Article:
Cinnamon’s Health Perks: Uncovering Its Many Benefits

Cinnamon is a spice that has been used for medicinal purposes for thousands of years. This article covers 6 benefits of cinnamon for your health.

Loaded With Antioxidants

Cinnamon contains antioxidants that can protect your body from oxidative damage caused by free radicals. According to one study, cinnamon supplementation can increase antioxidant levels in your blood and reduce inflammation.

Prevents Heart Disease

According to a review of 13 studies, cinnamon could reduce cholesterol and triglyceride levels, both of which are heart disease risk factors. Cinnamon is also effective in reducing blood pressure when eating regularly for at least 8 weeks.

Improves Insulin Sensitivity

While more research is necessary, some studies suggest that cinnamon can reduce insulin resistance. This can result in lower blood sugar levels and better blood sugar control.

Has Beneficial Effects on Neurodegenerative Diseases

Neurodegenerative diseases involve the progressive loss of functioning nerve cells, e.g., Parkinson’s disease and Alzheimer’s. According to a 2014 study in mice with Parkinson’s disease, cinnamon improved motor function and normalized neurotransmitter levels.

Some compounds in cinnamon can also limit the buildup of tau, a protein associated with Alzheimer’s disease.

Prevents Bacterial and Fungal Infections

Test-tube studies suggest that cinnamon oil could kill fungi that cause respiratory tract infections. The antimicrobial effects of cinnamon can also reduce bad breath and prevent tooth decay.

Protects Against Cancer

According to a study in mice with ovarian cancer, cinnamaldehyde could block specific proteins involved in cancer growth. Test-tube experiments also showed that cinnamaldehyde could limit the growth and spread of ovarian cancer cells.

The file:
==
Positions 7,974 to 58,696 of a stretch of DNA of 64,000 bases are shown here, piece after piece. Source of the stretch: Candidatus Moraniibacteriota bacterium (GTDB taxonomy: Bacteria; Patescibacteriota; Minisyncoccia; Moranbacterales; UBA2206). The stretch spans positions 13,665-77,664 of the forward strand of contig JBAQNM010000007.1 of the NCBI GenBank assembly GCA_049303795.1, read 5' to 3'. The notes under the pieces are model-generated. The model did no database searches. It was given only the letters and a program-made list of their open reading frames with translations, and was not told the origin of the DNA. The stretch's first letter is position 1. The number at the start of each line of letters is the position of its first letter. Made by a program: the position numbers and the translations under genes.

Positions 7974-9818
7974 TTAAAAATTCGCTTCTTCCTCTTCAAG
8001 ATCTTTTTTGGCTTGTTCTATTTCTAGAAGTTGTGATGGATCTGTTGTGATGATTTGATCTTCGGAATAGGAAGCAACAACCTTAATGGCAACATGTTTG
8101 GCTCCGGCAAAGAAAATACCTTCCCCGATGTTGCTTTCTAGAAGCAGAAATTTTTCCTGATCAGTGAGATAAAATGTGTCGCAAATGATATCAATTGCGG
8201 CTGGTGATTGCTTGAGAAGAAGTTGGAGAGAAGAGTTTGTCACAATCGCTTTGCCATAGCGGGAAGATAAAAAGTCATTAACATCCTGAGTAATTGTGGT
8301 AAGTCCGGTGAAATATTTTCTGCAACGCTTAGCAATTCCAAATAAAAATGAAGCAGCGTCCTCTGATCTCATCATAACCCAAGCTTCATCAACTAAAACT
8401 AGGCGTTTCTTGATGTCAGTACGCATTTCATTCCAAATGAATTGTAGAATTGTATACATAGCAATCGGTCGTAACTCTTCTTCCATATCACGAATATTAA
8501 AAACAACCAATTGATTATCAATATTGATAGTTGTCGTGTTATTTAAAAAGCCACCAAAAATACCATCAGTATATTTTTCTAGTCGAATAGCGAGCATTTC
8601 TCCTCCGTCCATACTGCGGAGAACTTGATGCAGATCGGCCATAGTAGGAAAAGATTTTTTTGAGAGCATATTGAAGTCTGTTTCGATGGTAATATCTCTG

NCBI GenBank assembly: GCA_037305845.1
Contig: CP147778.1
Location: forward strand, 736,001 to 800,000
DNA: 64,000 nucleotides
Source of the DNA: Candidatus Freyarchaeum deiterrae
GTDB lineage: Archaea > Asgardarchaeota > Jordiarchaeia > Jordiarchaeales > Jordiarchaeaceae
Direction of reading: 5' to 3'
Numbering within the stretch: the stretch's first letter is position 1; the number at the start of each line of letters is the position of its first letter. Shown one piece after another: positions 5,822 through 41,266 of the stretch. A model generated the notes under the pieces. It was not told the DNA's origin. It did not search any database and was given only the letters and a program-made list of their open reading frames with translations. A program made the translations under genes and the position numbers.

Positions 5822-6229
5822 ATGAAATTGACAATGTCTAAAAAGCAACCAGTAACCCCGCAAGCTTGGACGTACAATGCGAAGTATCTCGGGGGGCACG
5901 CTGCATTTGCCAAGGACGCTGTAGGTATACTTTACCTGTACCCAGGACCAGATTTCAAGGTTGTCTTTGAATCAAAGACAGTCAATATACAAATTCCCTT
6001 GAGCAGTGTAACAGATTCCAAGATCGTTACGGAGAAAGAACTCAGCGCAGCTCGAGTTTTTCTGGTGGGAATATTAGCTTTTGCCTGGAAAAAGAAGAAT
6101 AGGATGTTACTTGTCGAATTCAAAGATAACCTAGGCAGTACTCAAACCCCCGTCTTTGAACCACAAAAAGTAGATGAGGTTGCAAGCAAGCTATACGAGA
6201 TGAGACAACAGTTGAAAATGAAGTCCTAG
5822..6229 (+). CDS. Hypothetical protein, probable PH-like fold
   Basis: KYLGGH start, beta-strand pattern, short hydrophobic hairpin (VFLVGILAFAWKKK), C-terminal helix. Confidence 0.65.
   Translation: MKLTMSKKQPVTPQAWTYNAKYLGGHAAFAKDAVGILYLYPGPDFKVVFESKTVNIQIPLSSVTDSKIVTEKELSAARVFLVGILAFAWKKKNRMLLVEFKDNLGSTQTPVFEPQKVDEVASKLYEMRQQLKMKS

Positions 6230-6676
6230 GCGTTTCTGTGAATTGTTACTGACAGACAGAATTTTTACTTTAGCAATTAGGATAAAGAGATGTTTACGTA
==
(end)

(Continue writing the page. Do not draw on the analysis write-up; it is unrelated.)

Contains Anti-viral Properties

Some studies suggest cinnamon could protect against other viruses, including influenza and Dengue, an infection mosquitoes transmit.

Supports Gut Health

Cinnamon contains prebiotic properties that can restore the balance of bacteria in your gut. It also supports digestive health and relieves digestive issues.

Prevents Multiple Sclerosis

In a study involving mice, cinnamon was reported to have an anti-inflammatory effect on the central nervous system.

Reduces the Risk of Cardiovascular Disease

According to a 2014 study, rats that received long-term treatment using cinnamon and aerobic training had better heart function than those that didn’t.

Protecting Against HIV

In 2000, a study of extracts of Indian medicinal plants discovered that cinnamon may protect against HIV. Another 2016 laboratory study reported that an extract from cinnamon showed anti-HIV activity.

These studies don’t indicate that cinnamon can treat or prevent HIV, but cinnamon extracts could eventually become a part of HIV therapy.


Cinnamon offers multiple health benefits and can be consumed as a spice or supplement.
However, it should not be a total replacement for regular medical treatments. You should also consult your doctor before using cinnamon supplements.